22 Oct 2020

Covid-19 the biggest challenge to Auckland Airport in history, board chair says

3:48 pm on 22 October 2020

Auckland Airport expects it will be more than three years before international travel recovers to pre-pandemic levels.

A deserted baggage claim area at Auckland Airport's international terminal during the Covid-19 alert level 3 lockdown on 7 May 2020.

Auckland Airports arrivals and departures dropped dramatically. Photo: Brett Phibbs / PhibbsVisuals

The company's annual meeting has heard that it was taking a more cautious approach than the International Air Travel Association (IATA) and ratings agency S&P Global, which have picked a recovery in global air travel within three years.

"At this stage we continue to think it prudent to take a more conservative approach," chair Patrick Strange said.

"We believe a full recovery could well take longer than three years. But we're hopeful that domestic travel will return to normal within two years. And we believe that we will see quarantine-free travel both ways across the Tasman and to the Pacific Islands earlier."

Strange said the pandemic had been the biggest challenge to the company in its 54 year history, with international traffic having gone from 30,000 a day to mere hundreds, and on some days no one.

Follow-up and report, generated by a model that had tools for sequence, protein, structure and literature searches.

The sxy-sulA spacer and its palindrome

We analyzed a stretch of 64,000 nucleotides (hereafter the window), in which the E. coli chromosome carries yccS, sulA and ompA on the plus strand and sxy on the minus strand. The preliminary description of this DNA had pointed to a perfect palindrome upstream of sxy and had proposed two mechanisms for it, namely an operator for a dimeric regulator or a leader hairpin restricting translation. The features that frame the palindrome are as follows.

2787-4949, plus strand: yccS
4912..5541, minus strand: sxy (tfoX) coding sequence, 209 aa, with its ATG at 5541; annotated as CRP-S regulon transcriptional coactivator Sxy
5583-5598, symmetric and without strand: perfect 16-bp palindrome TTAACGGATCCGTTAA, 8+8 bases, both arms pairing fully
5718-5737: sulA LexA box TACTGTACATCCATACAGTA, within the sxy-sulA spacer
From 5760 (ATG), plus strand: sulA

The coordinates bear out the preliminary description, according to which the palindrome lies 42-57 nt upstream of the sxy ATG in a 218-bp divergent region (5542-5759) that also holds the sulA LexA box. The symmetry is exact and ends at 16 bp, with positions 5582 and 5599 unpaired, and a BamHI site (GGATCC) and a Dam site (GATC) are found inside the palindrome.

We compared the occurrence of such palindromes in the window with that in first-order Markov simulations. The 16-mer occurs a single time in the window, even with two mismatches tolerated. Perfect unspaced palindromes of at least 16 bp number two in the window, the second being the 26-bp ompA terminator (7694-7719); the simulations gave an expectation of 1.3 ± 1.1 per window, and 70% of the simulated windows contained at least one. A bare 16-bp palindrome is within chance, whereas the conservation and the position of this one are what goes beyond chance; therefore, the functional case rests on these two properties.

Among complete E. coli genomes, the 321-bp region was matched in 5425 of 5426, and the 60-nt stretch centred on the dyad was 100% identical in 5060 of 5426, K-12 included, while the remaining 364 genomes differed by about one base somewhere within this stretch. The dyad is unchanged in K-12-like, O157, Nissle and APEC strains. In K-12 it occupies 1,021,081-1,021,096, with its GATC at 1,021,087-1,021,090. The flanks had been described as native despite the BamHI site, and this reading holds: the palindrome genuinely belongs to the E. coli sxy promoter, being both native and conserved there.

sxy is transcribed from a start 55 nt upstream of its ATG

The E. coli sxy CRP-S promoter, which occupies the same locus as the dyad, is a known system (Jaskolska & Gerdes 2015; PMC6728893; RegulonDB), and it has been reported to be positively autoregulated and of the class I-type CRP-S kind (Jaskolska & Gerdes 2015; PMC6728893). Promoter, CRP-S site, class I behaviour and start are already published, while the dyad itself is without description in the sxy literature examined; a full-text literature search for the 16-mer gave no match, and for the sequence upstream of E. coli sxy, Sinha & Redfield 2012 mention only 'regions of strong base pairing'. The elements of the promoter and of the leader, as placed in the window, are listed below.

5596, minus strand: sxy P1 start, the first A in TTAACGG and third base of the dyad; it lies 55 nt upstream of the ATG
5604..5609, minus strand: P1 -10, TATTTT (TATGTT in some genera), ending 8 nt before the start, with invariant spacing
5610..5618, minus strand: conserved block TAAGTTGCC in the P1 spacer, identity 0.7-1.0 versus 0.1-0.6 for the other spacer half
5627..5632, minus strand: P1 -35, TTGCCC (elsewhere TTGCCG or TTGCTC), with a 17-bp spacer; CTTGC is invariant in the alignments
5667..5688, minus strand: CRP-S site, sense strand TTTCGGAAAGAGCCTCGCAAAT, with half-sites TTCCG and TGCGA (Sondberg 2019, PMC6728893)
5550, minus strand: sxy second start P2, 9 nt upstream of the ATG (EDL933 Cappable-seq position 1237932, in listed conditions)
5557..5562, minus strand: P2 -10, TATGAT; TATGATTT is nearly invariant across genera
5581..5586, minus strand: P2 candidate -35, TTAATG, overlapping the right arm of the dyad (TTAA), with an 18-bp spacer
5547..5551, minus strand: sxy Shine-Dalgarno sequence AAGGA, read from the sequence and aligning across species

The company was quick to slash all unnecessary spending, suspend big capital projects such as expanding terminals, and laid off 260 staff, more than a third of its workforce.

Earnings over the past few months have been about $10 million a month, better than expected, but Strange said the outlook was still so uncertain that it will not make any financial forecast for the current year.

Chief executive Adrian Littlewood told the meeting the airport was ready to provide safe, separated facilities in the international terminal for when quarantine-free arrivals were allowed.

"We believe the government and the private sector need to work together with urgency in order to chart a path for New Zealand in a post-pandemic world - in a way that keeps our communities safe, but also allows families to reconnect and jobs, tourism and our economy to recover."

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